Harford County crews have restored water service to five Joppatowne homes that were without water for five hours Thursday afternoon and evening, following a water main break, as temperatures dipped into the 20s.
About 45 homes in the neighborhood around the intersection of Trimble Road and Garnett Road were affected with either a loss of service completely or reduced water pressure.
The break occurred after workers with a contractor hired to restore the nearby Foster Branch stream struck a water main encased in concrete in the stream bed of a small tributary of Foster Branch.
Harford County government officials reported Friday morning that the water had been turned off around 3:30 p.m. and restored around 8:30 p.m. Thursday.
The damage was reported around 2 p.m. Thursday as workers with Ecotone, Inc., of Forest Hill, were working in a stream bed running parallel to Foster Branch, George Dawson, Harford County assistant superintendent for water and sewer maintenance, said at the scene.
Dawson said the pipe, 8 inches in diameter, runs parallel to Trimble Road and perpendicular to Foster Branch.
Crews with the county's Division of Water & Sewer worked into Thursday evening to repair the damage and restore service.
Sherrie Johnson, spokeswoman for Harford County government, said Thursday evening that crews were installing a valve to "isolate the water line closer to the point of the break," since the damaged portion was in the stream and "encased" in concrete.
She stated in a follow-up e-mail Friday that crews "cut and capped" the line "with a blind flange in lieu of a valve."
"This provided a much faster repair and service was back in 5 hours," Johnson continued.
She stated that crews had determined that the line was 8 feet underground in the area they were working in while preparing to install the valve, and also had to avoid electric and gas lines in the area.
Johnson said workers took pressure readings around the point where the line had broken and at two Joppatowne-area schools.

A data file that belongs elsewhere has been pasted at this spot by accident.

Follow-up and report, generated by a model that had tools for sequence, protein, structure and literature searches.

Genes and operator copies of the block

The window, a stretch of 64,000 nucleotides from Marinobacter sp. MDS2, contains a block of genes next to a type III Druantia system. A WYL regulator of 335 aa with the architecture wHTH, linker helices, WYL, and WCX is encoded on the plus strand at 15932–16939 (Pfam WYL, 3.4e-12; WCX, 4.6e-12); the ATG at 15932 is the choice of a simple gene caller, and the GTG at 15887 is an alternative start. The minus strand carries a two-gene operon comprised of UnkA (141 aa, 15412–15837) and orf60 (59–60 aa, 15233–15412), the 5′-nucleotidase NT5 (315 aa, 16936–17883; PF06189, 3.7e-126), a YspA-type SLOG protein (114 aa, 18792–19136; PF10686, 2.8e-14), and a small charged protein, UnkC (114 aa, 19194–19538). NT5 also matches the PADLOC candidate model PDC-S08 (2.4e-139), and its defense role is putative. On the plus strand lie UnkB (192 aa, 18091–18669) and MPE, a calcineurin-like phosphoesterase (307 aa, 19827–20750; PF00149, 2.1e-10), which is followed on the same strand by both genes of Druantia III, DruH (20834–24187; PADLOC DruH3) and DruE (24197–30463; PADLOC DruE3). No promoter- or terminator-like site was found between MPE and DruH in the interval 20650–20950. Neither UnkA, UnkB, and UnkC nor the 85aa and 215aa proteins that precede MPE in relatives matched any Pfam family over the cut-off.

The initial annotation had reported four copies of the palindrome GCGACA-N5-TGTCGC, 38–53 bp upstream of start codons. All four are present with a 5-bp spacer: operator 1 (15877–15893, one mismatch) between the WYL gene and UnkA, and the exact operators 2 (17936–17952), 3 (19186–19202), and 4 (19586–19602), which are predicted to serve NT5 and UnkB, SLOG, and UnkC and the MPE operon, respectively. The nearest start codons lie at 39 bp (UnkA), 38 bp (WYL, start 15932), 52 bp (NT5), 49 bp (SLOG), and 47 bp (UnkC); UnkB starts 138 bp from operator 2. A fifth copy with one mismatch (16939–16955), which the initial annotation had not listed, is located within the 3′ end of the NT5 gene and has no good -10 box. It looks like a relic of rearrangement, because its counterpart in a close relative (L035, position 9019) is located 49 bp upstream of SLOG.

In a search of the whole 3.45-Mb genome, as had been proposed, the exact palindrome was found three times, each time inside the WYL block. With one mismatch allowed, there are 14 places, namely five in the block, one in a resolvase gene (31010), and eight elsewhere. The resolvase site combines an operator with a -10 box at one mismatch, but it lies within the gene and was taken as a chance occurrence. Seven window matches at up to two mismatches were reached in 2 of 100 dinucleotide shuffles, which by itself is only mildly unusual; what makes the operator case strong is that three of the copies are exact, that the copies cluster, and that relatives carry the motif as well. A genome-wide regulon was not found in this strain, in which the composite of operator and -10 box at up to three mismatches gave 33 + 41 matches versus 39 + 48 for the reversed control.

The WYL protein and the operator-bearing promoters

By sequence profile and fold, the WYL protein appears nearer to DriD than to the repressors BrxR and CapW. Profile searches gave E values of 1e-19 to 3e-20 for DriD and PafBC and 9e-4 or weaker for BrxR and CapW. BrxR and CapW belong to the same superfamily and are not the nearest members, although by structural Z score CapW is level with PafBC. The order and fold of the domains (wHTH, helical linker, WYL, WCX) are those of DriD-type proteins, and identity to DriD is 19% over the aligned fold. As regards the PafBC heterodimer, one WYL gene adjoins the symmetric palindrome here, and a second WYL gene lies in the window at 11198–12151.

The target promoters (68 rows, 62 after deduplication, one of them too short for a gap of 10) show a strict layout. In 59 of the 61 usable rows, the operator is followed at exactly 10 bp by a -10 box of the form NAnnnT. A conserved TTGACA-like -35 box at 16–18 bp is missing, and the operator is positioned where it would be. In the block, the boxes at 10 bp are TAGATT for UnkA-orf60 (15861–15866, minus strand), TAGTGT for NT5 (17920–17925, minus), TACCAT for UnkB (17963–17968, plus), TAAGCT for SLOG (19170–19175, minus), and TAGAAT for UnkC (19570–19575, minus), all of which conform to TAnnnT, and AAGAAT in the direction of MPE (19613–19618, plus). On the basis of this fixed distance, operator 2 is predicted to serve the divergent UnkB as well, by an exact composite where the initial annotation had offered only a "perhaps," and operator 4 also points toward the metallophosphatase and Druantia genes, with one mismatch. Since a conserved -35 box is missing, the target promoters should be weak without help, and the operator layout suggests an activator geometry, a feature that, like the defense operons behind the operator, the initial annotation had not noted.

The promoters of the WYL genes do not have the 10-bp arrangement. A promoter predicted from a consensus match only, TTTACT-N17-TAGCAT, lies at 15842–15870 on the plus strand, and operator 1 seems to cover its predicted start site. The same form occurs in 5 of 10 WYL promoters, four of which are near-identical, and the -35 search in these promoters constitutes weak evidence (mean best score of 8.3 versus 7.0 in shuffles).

The readings showed water pressures of more than 60 psi, what Johnson called "good working pressures."
The county board of estimates awarded a $375,692.59 contract to Ecotone in October to restore 1,200 to 1,500 linear feet of Foster Branch.
Richard Berkey, project superintendent with Ecotone, said Thursday that the area had been surveyed for utility lines by Miss Utility before the stream restoration began, and the water line had been marked, although markers had not been placed in the part of the stream channel where workers were.
He said workers were removing exposed concrete from the stream bed in order to build a "plunge pool," but plans provided by the county did not show the water line that was encased in the concrete.
Berkey said water began bubbling out of the stream when the line was hit.
"We stopped work immediately," he said.
Ecotone workers contacted county inspectors who then contacted Water & Sewer staff.
Berkey said Thursday was the first day of restoration work in the stream; workers spent the previous two weeks clearing nearby trees.
He said workers had started at the top of the stream Thursday and would be back at work at the bottom of the stream Friday.
Berkey said the restoration efforts will reduce erosion of the stream channel by allowing floodwaters to flow naturally into the surrounding floodplain.Copyright © 2014, The Baltimore Sun